NEW YORK (GenomeWeb News) – Researchers from the UK and several other countries used sequencing and SNP analyses to characterize African and Asian populations of the malaria parasite Plasmodium falciparum — work they described in Nature Genetics.
The researchers assessed population structure in these regions using variant patterns found in the genomes of 825 P. falciparum parasites from seven countries in West Africa and Southeast Asia. Their analysis unearthed particularly pronounced P. falciparum population structure in Western Cambodia. There, the group saw three distinct artemisinin-resistant P. falciparum populations that can be traced back to a shared founder.
The populations provide a peek at the emergence of artemisinin-resistance in the region, they noted, and may serve as a more general source of information regarding parasite features associated with drug resistance.
"Whilst we have not yet identified the precise mechanism of action or resistance to artemisinin, this research represents substantial progress in that direction," co-author Nicholas White said in a statement.
"It also provides an important insight into why antimalarial drug resistance (previously to chloroquine and antifols, and now to artemisinin) arises in Western Cambodia," added White, a University of Oxford researcher and director of the Mahidol-Oxford Tropical Medicine Research Unit at Bangkok's Mahidol University.
Also in Nature Genetics, there is a paper that takes a look at genetic variants influencing amyotrophic lateral sclerosis, or ALS, risk in the Han Chinese population from an international team led by investigators in China.
Through a genome-wide association study involving 506 Han Chinese individuals with a sporadic form of ALS and nearly 1,900 unaffected individuals from the same population, the researchers narrowed in on the top 90 genetic variants suspected of having ties to the disease.
They then tested those candidate SNPs — and half a dozen implicated in past studies — in another 706 cases and 1,777 controls, uncovering significant ties between ALS risk and variants at sites on chromosomes 1 and 22.
The loci have not been implicated in ALS risk in past studies of individuals of European descent, study authors noted, hinting at population-related differences in ALS risk. "The difference in GWAS findings between the Chinese and European populations might suggest heterogeneity of ALS genetic susceptibility in the two populations," they wrote, "and the identified susceptibility loci might be population-specific genetic risk factors for ALS."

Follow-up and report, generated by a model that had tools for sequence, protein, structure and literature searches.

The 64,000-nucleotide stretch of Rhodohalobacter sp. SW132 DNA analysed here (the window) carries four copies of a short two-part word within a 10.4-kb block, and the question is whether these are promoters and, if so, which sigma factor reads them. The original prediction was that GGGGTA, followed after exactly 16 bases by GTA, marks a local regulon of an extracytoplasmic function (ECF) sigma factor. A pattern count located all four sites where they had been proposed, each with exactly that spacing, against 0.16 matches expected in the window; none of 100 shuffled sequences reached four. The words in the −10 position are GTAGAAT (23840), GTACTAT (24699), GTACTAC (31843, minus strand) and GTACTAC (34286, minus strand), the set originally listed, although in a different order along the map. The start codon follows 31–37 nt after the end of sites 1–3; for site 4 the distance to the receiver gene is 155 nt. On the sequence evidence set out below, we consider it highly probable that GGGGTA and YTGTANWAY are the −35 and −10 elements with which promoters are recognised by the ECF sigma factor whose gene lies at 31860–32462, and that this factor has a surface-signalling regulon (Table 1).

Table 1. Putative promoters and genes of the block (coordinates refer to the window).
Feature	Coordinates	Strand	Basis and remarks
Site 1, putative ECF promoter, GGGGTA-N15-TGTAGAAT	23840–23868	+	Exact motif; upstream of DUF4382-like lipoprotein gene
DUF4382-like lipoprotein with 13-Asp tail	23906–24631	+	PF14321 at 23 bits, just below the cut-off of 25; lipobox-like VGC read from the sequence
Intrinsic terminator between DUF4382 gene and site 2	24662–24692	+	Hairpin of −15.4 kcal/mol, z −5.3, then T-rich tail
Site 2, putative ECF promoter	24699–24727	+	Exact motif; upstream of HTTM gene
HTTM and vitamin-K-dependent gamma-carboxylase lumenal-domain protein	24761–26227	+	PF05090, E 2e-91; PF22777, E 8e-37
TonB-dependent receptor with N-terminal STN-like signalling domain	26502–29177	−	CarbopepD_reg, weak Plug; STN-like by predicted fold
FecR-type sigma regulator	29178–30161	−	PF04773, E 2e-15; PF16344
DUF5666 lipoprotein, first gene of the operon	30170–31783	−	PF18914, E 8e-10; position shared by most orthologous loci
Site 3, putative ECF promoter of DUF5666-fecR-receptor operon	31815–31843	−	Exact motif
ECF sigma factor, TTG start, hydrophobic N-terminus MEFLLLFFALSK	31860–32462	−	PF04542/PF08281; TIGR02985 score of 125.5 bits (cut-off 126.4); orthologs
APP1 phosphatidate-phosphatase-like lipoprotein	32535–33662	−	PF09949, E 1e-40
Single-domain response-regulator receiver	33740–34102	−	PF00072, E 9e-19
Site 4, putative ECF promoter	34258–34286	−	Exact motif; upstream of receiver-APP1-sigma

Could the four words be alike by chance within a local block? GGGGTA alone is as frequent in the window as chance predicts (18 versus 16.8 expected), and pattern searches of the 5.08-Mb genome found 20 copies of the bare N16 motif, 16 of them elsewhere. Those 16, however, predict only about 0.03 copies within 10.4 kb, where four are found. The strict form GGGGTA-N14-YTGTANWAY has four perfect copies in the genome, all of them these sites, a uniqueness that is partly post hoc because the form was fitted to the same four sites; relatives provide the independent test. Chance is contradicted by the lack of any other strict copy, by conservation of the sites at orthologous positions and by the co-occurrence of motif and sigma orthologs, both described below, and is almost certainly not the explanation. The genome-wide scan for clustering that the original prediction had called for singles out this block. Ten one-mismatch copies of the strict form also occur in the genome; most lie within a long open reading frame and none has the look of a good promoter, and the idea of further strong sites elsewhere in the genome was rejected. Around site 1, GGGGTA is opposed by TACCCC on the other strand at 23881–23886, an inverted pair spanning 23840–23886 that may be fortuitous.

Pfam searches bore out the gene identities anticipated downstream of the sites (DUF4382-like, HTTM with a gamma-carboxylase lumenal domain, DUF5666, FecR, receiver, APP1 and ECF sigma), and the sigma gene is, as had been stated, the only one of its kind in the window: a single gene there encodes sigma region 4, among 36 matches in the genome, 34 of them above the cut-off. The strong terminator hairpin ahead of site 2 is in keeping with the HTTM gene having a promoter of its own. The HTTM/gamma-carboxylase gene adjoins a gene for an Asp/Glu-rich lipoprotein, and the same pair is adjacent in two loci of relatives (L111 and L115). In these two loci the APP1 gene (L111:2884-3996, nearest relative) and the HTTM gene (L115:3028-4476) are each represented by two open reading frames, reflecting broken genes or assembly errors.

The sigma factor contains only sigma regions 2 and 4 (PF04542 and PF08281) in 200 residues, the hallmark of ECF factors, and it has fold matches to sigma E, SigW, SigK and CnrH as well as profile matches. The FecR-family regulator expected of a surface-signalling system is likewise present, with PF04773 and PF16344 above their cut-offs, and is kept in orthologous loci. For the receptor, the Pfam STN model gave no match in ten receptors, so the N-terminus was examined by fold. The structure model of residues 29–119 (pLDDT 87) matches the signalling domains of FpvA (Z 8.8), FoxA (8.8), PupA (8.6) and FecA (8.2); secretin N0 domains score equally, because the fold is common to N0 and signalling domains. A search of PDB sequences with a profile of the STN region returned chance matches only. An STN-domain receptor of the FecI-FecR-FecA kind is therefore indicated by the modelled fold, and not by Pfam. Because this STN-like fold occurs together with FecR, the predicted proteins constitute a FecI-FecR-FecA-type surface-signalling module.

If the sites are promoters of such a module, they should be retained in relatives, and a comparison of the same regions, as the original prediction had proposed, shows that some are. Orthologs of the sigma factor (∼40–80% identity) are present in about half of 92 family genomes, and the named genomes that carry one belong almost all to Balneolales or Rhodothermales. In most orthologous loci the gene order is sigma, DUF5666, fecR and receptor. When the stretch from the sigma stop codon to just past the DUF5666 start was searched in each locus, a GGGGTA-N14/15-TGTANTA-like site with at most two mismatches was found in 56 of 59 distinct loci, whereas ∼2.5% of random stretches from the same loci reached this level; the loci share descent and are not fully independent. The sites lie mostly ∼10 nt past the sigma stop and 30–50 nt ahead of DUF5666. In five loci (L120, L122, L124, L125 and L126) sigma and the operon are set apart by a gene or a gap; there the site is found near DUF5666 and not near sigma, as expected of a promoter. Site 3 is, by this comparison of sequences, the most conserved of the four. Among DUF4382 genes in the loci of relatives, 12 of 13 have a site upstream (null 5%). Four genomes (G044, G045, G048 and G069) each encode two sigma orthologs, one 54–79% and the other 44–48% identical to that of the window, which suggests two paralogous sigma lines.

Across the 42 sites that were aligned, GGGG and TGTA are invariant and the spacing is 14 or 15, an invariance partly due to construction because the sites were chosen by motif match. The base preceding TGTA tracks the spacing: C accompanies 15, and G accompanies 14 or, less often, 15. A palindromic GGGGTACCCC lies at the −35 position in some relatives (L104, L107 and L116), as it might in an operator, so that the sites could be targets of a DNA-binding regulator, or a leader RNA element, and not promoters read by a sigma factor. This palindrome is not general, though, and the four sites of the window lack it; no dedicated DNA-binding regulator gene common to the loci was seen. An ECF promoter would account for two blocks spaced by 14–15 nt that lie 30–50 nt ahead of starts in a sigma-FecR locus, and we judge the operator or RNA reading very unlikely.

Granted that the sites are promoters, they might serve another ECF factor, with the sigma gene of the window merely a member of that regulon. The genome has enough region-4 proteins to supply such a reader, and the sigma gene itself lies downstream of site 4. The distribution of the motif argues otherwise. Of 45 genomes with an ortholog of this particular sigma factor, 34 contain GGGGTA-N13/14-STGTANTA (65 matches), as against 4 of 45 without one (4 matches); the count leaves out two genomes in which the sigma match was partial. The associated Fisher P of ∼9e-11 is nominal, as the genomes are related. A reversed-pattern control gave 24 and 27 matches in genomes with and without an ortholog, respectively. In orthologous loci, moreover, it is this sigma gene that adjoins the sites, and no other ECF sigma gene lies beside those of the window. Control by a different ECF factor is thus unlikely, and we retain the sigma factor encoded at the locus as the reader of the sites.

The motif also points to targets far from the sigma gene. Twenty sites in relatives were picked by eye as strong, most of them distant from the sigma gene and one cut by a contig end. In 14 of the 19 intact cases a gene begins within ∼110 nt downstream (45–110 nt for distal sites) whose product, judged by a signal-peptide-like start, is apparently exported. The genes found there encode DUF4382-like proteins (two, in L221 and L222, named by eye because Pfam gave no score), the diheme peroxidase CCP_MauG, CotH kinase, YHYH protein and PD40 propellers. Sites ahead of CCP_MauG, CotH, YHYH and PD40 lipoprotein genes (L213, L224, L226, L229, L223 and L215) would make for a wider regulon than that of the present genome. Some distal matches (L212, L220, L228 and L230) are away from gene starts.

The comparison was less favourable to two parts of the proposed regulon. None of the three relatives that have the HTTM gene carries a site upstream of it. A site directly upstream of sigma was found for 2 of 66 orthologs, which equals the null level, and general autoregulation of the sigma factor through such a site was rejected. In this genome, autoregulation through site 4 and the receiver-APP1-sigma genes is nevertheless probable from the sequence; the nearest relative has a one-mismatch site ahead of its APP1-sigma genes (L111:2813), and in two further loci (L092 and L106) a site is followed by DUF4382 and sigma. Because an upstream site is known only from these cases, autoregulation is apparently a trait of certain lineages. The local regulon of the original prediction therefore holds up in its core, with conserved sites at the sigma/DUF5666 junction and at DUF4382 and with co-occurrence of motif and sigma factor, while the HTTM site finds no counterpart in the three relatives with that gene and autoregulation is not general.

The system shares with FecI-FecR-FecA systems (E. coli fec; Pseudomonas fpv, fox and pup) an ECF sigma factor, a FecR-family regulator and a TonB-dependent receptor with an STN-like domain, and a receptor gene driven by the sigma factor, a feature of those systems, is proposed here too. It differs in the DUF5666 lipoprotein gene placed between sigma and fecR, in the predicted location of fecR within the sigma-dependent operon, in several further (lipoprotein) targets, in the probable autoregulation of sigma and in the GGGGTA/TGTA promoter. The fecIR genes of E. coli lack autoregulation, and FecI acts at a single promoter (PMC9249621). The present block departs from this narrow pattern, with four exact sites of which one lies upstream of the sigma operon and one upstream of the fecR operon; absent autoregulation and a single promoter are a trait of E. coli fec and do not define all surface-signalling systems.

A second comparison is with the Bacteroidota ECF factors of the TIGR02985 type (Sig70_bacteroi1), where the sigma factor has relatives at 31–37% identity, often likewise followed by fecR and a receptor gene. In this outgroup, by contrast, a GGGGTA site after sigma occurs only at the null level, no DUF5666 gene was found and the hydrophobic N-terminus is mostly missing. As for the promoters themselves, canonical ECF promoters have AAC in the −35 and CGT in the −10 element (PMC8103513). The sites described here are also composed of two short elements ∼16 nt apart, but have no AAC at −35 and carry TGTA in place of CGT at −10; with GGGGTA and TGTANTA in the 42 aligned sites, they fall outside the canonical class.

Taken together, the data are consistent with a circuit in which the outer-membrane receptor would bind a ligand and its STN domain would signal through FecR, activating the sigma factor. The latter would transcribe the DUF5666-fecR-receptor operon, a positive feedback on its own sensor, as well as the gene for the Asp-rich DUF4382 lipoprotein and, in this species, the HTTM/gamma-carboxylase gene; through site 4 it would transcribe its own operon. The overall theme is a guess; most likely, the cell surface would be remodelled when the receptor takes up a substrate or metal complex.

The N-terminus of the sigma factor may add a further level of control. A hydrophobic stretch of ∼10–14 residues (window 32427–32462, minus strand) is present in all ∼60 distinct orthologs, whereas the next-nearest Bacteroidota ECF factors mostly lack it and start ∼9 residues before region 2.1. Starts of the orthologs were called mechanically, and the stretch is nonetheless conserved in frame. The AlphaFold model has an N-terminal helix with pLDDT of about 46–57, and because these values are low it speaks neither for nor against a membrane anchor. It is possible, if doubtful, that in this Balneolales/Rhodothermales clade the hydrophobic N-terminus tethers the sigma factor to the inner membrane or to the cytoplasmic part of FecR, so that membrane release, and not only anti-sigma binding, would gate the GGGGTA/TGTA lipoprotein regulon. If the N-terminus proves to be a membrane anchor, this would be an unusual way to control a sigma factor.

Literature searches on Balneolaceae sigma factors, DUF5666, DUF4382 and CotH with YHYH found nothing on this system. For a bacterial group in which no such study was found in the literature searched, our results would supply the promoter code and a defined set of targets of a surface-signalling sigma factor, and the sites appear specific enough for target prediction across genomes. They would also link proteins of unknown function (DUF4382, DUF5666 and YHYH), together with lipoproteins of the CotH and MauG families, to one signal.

In the New England Journal of Medicine, members of the Cancer Genome Atlas Research Network reported on results from an integrated genomic and epigenetic analysis of de novo acute myeloid leukemia that included data for 200 cases.
From their collection of whole-exome sequence data from 150 tumors and matched normal samples and whole-genome sequence data on 50 tumor-normal pairs — coupled with RNA and microRNA sequence and DNA methylation profiling information — the researchers found several recurrently mutated genes in AML, despite the relatively low mutational burden in each tumor.
Consistent with past studies, investigators found frequent changes to genes such as NPM1, FLT3, DNMT3A, IDH1, and IDH2 in de novo AML. Across the suite of genes altered in AML, meanwhile, they found genes falling in nine main functional categories — from tumor suppressor and signaling genes to components of cohesin and spliceosome complexes.
Together with DNA methylation profiles, the sequence data also highlighted the importance of epigenetic alterations in de novo AML, with some 44 percent of tumors containing mutations to one or more methylation-related genes.
"We now have a genetic playbook for this type of leukemia," the study's corresponding author Timothy Ley, associated director of cancer genomics with the Genome Institute at Washington University, said in a statement.
"We don’t know all the rules yet, but we know all the major players," he added. "This information can help us begin to understand which patients need more aggressive treatment right up front and which can be treated effectively with standard chemotherapy."
A chromosome 15 variant is associated with successful weight loss following Roux-en-Y gastric bypass surgery, according to a study in the American Journal of Human Genetics. Researchers from Massachusetts General Hospital, Harvard Medical School, and elsewhere conducted a GWAS involving almost 700 individuals who had undergone the stomach-altering procedure.
By considering genotyping patterns in relationship to individuals' weight loss during the 10 months or more after gastric bypass surgery, the team tracked down a weight loss-associated variant near ST8SIA2 and SLCO3A1 — chromosome 15 genes that were subsequently found to be expressed at higher baseline levels in fat tissue from humans and/or mice that go on to lose more weight after the Roux-en-Y procedure.
Investigators verified ties between the SNP and post-surgery weight loss using data for another 327 individuals who'd had gastric bypass surgery. Results across the entire study cohort suggest that those with two favorable versions of the variant lost nearly 39 percent body weight post-surgery, on average, compared with a drop of around 34 percent or 29 percent, respectively, in those with one or no favorable versions of the variant.
"If we can identify those patients who are likely to lose more weight after surgery from those who do less well, we could help steer patients towards the therapy that best suits them," the study's senior author Lee Kaplan, with Massachusetts General Hospital and Harvard Medical School, said in a statement.
Genomics In The Journals is a weekly feature pointing readers to select, recently published articles involving genomics and related research.